Loryn Cornette

Working two jobs successfully is a challenge, but doing them simultaneously while going to graduate school and co-instructing a course, now that’s worth noting. University of Wisconsin Oshkosh graduate student Loryn Cornette is doing just that.

Cornette splits her time between working with Career Services and the Undergraduate Advising Resource Center (UARC) at the University of Wisconsin Oshkosh. Cornette said she was always influenced by her academic advisers when she was an undergraduate student and now she appreciates working with them side by side in professional roles on campus.

“I never knew what I wanted to do through college, so I always really looked up to my academic advisers because they were always so helpful and guiding. I always said I wanted to help other students who are going through and help them find what they want to do,” Cornette said.

Now, that is exactly what Cornette is constantly involved with. In Cornette’s role in the UARC, she works as an academic adviser for nursing students; in Career Services, she advises business students.

One particular UW Oshkosh student really carries what she learned from Cornette with her.

“As a student just accepted to the business program, classes can seem quite overwhelming. However, Loryn is proof that the entire College of Business team is there to support the Oshkosh students in any way they can,” said senior Heather Swanson, a human resources major.

Helping others is a part of who Cornette is; even as an undergraduate at UW Oshkosh, Cornette was helping students succeed. Working as a Peer Advising Liaison (PAL) in Academic Advising, she gained experience working with students and finding a path that would work for them.

Jean Patt, advising assistant director, first met Cornette when she was working as a PAL and noticed her mature, calm personality. Patt said Cornette’s experiences gave her a leg up from learning all the training the students go through.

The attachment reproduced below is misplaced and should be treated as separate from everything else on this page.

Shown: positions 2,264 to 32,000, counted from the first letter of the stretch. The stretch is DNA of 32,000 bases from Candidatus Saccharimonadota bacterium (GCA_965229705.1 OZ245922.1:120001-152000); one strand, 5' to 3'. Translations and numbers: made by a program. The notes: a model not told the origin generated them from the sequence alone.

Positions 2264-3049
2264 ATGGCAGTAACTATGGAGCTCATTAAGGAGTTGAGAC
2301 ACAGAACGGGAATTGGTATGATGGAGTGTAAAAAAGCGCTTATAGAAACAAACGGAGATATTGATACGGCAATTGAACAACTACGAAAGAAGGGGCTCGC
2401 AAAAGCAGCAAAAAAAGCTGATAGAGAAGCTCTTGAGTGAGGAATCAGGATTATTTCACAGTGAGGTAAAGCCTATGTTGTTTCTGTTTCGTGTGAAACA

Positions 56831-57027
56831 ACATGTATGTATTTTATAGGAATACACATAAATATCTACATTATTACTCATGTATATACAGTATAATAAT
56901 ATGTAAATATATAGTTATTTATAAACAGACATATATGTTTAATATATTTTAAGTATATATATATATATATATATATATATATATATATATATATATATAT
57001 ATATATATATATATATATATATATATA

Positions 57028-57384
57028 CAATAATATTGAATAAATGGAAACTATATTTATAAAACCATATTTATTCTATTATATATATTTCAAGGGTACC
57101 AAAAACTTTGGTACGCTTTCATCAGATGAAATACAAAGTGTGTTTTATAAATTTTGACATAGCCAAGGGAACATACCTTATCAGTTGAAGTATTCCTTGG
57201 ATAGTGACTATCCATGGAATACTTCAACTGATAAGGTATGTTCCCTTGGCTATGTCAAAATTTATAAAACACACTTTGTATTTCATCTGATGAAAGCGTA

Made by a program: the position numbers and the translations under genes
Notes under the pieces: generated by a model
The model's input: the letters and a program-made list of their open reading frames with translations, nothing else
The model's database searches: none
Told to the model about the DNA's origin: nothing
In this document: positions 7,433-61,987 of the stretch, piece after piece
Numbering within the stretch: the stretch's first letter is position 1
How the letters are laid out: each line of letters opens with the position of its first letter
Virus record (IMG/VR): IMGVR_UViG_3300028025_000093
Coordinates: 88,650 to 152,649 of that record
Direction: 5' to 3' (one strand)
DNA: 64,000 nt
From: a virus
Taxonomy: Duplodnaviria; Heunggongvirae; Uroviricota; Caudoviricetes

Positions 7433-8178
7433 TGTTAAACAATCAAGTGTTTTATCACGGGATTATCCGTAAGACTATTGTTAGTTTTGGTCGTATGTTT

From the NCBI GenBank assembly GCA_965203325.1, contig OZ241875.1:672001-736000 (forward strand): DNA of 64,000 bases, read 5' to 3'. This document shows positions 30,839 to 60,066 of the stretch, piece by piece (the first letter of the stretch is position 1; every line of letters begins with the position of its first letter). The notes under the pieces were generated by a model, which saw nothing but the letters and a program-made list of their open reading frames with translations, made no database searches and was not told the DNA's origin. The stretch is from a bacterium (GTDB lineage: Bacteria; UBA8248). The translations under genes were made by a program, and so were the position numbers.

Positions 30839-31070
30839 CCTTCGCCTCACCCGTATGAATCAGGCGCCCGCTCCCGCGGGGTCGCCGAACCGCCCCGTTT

“She doesn’t get rattled and she is really smart, she knows where to set boundaries and where to pitch in,” Patt said. “She is really able to, as far as I have observed, been able to handle the work of a professional and it sets her apart.”

Cornette also left an impact on Elizabeth Whalley, the director of Undergraduate Academic Advising on campus, while she was working as a PAL. Whalley appreciates Cornette’s positive attitude and how she is always eager to learn and work hard.

“She has great potential in a career in higher education. Plus, combining positions in Career Services and Advising allows her to more easily help students make the connections between the two,” Whalley said.

Now with Cornette in the office, Whalley knows she has even more opportunities to influence UW Oshkosh students in a positive way.

“It is exciting to have a former PAL and someone of her caliber return to the office to work in a more formal advising role. She brings a unique perspective to the role having served undergrads as a PAL and has shown she can combine that experience with what she is learning in the advising role to more effectively serve students,” Whalley said.

Another way Cornette has helped benefit UW Oshkosh students is by co-instructing Business 284 with Jodi Carlson. This professional skills course consisted of 125 students in two sections. Carlson said Cornette has done a great job leading the group.

“Loryn’s confidence has grown significantly as she has proactively taken on numerous opportunities to sharpen her public speaking/teaching skills. She continues to impress me with her ability to create and improve processes for the Professional Skills course,” said Carlson, career adviser in Career Services.

On top of all that, Cornette is still pursuing her master’s in educational leadership at UW Oshkosh. Above all, Cornette said she appreciates working with other students and likes how rewarding it is to work in a college environment.

“Sometimes in Career Services I can really feel like I’ve made an impact on someone when we get an email from a student thanking them for all the help that I’ve given them because they got that internship or they got that job,” Cornette said. “It’s kind of those little things that make a big difference.”


Written by Kristin Stockheimer, Integrated Marketing and Communications STEP student.